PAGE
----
Thursday, February 19, 2009

Grocery Shopping and Cooking on a Budget

On February18, 2009 Boulder's Daily Camera food section ran an article titled Value Meal.

Five local chefs talk about eating well and cheaply by showing us how to prepare a delicious meal for 4 people for $15.

Hoorah to the Camera for running a piece on budget cooking with panache!

And I have an additional message: Recession-strategy dining-in is not about following a recipe and cooking up yummy economical meals.

Enjoying "Value Meals" requires knowhow such as grocery shopping on a budget, then once home, efficiently storing and managing your food for the week so that there's no waste -- this all before actually cooking anything!

And then we all have recipe books and access to articles like "Value Meals," but following recipes often leads to expensive, impulse purchases at the grocery store. In other words, it's more economical to think ahead, rather than from meal-to-meal and recipe-to-recipe.

Thinking ahead means planning for the number of meals you intend eating at home for the week, then writing a list of groceries that will cover those meals.

When writing your list, it may help to peruse your favorite recipe books for ideas on dishes you'd like to prepare during the upcoming week keeping in mind the following:
  • your budget,
  • the time you'll have available to cook,
  • the difficulty factor of the recipes, and
  • whether or not you intend having a friend or two over during the week for a meal.
Because I shop at Whole Foods on a budget, I usually go to their website and check the "Good Stuff For Less" for weekly sale items and "Whole Deal newsletter" for coupons. I'll write my list and do my weekly menu-plan according to WFs best buys.

Once home, I organize my perishable groceries. For example, here are three things I might do:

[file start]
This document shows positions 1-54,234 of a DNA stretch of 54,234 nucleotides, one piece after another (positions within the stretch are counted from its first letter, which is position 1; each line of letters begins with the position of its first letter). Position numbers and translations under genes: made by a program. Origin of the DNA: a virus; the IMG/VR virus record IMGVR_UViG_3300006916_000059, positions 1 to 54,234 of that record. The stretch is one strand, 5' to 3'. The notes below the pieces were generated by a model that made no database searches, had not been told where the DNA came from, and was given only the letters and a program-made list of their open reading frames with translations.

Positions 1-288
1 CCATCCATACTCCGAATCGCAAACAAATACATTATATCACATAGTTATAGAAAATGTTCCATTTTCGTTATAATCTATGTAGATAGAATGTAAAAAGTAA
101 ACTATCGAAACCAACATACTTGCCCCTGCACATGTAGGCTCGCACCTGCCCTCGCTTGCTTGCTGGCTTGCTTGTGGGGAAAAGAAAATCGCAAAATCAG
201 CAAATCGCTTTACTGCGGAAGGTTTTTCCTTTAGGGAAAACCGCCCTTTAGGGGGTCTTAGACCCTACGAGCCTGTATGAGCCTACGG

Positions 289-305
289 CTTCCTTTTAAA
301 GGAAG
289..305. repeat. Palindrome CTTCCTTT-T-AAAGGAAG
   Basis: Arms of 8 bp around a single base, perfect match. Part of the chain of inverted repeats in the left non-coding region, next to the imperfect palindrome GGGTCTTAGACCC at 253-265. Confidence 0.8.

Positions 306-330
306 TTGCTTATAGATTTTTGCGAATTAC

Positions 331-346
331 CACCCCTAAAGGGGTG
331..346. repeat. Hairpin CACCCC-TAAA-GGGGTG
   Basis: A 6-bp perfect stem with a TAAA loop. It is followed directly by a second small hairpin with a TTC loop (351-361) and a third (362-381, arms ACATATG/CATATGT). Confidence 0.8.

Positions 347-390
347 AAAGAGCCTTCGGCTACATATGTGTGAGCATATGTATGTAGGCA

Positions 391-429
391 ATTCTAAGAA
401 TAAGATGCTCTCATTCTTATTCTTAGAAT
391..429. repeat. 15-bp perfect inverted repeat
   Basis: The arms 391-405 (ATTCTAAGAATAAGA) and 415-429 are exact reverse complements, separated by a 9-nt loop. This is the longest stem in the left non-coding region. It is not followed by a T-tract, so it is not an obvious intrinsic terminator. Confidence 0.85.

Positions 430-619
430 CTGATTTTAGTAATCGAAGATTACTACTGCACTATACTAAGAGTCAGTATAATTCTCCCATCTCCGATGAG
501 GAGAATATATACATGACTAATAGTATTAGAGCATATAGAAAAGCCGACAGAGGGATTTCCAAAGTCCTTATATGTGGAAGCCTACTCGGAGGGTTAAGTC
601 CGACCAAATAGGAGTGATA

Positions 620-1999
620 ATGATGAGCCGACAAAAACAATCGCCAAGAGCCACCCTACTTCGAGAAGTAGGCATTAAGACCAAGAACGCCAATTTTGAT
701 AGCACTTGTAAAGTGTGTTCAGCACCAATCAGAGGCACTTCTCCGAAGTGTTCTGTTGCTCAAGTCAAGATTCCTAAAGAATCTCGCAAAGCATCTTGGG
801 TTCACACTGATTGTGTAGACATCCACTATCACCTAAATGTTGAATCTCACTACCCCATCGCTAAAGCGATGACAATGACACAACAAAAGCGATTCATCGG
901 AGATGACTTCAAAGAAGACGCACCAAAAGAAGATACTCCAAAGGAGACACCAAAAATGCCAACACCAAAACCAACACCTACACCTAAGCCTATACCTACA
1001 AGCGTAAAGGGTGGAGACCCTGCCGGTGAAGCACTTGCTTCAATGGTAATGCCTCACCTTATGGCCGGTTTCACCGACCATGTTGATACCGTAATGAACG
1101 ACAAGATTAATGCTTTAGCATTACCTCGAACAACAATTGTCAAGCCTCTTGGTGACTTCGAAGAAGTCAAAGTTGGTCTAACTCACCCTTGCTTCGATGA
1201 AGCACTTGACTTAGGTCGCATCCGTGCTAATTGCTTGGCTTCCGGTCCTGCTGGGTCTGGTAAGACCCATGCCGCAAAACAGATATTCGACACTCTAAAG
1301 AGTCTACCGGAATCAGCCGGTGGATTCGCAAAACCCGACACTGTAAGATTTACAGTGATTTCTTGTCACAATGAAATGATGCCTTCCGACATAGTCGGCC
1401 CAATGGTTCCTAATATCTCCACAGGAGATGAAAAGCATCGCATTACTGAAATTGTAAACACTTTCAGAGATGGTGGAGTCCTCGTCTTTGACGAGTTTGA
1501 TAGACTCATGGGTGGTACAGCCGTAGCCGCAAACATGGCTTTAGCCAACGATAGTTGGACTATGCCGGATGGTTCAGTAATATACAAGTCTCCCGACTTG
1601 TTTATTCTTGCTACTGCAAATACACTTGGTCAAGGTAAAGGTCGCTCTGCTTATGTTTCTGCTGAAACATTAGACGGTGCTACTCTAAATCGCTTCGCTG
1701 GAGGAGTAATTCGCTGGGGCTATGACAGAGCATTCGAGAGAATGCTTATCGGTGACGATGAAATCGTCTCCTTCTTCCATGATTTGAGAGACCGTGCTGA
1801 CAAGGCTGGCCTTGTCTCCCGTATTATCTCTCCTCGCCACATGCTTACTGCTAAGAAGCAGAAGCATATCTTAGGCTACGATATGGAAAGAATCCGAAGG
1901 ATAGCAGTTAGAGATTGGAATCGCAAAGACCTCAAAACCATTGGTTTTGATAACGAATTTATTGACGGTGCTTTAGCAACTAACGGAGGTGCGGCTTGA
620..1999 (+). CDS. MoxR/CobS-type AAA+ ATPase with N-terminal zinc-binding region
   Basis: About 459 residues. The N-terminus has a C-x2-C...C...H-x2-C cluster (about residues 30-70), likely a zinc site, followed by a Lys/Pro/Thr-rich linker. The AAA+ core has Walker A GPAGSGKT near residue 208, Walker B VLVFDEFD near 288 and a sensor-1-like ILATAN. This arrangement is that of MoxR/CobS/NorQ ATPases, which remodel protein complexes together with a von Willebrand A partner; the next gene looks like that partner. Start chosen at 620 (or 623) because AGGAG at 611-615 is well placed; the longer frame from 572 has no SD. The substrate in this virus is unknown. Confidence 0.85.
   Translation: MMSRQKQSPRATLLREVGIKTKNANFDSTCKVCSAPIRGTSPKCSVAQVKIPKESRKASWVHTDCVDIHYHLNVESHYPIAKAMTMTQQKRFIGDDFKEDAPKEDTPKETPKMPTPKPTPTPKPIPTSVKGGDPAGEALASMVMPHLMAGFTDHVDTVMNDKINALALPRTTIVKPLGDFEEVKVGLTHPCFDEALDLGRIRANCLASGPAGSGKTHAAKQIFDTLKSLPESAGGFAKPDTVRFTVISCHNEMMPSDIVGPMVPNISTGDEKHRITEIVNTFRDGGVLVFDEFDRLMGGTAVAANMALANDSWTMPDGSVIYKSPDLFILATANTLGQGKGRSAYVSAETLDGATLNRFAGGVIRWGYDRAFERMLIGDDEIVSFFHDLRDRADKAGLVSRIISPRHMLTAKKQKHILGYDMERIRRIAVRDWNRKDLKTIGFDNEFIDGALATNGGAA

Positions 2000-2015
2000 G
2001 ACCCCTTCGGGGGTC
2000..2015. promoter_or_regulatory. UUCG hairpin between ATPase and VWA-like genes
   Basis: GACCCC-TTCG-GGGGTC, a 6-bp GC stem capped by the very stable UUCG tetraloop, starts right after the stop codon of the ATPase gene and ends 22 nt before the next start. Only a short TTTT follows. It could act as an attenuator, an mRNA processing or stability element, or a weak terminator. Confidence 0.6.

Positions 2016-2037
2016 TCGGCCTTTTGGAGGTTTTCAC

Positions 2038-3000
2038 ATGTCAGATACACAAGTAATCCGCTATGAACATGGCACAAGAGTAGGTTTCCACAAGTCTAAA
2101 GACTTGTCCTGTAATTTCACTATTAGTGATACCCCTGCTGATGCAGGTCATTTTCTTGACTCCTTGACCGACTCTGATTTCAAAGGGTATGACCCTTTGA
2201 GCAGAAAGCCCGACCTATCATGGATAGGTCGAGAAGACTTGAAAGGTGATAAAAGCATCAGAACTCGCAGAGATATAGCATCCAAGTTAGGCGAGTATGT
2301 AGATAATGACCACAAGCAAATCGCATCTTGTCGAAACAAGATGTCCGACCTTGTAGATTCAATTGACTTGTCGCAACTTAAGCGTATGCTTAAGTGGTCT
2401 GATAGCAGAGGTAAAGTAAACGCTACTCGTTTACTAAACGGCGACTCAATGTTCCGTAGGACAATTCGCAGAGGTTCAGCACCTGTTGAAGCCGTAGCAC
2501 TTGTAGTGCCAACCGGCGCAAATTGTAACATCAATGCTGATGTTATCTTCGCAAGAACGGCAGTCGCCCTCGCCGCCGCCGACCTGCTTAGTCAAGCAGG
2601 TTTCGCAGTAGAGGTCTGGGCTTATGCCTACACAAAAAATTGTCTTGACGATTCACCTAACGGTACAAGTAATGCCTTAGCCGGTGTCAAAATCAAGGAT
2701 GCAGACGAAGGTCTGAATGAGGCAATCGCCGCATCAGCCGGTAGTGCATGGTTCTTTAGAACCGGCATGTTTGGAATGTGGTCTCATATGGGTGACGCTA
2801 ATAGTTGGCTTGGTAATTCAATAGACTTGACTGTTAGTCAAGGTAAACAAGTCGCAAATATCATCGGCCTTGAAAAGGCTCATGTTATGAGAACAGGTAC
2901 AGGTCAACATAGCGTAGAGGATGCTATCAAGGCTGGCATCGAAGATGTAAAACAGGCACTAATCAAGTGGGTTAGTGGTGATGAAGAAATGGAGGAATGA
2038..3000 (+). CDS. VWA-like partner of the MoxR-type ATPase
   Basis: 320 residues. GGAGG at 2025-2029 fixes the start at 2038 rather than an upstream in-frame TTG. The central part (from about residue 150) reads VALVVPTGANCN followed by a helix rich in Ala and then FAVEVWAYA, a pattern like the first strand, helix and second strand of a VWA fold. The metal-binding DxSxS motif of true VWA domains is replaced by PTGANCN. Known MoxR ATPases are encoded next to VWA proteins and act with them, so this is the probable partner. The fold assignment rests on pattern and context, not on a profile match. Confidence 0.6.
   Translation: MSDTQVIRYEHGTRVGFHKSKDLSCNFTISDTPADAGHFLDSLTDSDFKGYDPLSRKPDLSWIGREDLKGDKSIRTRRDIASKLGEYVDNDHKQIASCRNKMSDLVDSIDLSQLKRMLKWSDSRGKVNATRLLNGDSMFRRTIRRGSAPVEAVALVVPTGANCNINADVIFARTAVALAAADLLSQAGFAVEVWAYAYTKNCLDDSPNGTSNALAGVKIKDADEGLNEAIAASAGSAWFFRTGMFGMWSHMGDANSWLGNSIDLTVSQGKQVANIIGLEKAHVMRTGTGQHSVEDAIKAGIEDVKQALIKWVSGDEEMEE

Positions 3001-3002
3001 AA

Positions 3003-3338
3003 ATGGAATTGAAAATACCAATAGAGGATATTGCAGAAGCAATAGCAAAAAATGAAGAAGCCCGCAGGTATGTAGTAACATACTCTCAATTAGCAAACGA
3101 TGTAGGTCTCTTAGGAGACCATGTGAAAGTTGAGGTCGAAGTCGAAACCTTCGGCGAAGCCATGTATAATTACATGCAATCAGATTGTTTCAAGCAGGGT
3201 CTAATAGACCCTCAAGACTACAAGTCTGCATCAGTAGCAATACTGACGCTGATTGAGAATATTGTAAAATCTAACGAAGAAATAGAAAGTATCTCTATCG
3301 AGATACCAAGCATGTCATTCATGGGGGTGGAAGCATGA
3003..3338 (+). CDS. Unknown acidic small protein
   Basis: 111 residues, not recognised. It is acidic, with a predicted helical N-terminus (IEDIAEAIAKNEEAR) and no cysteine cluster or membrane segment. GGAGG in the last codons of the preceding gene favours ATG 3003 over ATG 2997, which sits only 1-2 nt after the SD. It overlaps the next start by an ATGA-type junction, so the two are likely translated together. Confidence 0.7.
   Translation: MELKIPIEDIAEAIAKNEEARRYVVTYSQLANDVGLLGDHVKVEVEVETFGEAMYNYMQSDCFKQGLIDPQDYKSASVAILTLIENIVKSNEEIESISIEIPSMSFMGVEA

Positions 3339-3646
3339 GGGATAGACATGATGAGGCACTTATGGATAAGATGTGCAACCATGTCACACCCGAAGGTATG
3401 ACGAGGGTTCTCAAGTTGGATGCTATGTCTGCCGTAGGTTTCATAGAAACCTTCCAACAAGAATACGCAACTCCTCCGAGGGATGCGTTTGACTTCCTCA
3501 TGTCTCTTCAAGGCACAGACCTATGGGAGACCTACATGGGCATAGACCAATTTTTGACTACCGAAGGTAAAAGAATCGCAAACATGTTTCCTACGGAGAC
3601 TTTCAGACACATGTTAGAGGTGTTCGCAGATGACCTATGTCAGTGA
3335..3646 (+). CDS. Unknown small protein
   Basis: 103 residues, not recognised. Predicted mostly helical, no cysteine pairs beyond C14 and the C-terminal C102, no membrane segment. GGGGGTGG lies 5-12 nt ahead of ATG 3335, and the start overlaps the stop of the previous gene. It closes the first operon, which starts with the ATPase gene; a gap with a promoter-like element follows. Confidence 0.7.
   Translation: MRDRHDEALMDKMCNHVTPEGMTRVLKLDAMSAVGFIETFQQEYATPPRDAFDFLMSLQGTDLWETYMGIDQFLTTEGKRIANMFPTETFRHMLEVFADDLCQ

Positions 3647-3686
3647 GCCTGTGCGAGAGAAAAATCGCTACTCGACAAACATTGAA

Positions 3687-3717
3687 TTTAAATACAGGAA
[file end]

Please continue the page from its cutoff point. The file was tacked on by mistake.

• If I've bought say two-for-one bunches of chard, I'll wash and lightly cook one bunch, freezing it for later use.
  • If I've snatched up a sale on hamburger and bought 2lbs for the price of 1lb, I'll freeze about 3/4 of that, separating the meat to be frozen into one-meal portions.
  • Asparagus has been a great buy lately, but it can quickly go limp in the fridge so I always put it bottoms-up in a cup with about 1/2 inch of water -- that way it stays crisp longer.
And did you know it's perfectly fine to buy conventionally grown asparagus over the higher-priced organic? Apparently, minimal-to-zero pesticides are used during the growing process because insects don't like asparagus.

Having organized my groceries in the fridge and dry goods in my cupboard, I'm very aware of what I have available to cook with for the week.

I might go back and peruse a few recipes, gathering ideas, but I never follow a recipe exactly. Rather, I prefer to be recipe-independent, improvising by calling upon my inner culinary expert and engaging my desire to have fun in the kitchen, and my love of creating healthy, colorful meals.

As you begin putting meals together without following recipes directly, engage you inner culinary expert and try making simple and colorful meals with a variety of fresh vegetables.

Chances are you'll find your meals look appetizing while being full of are flavor, texture and nutrients.

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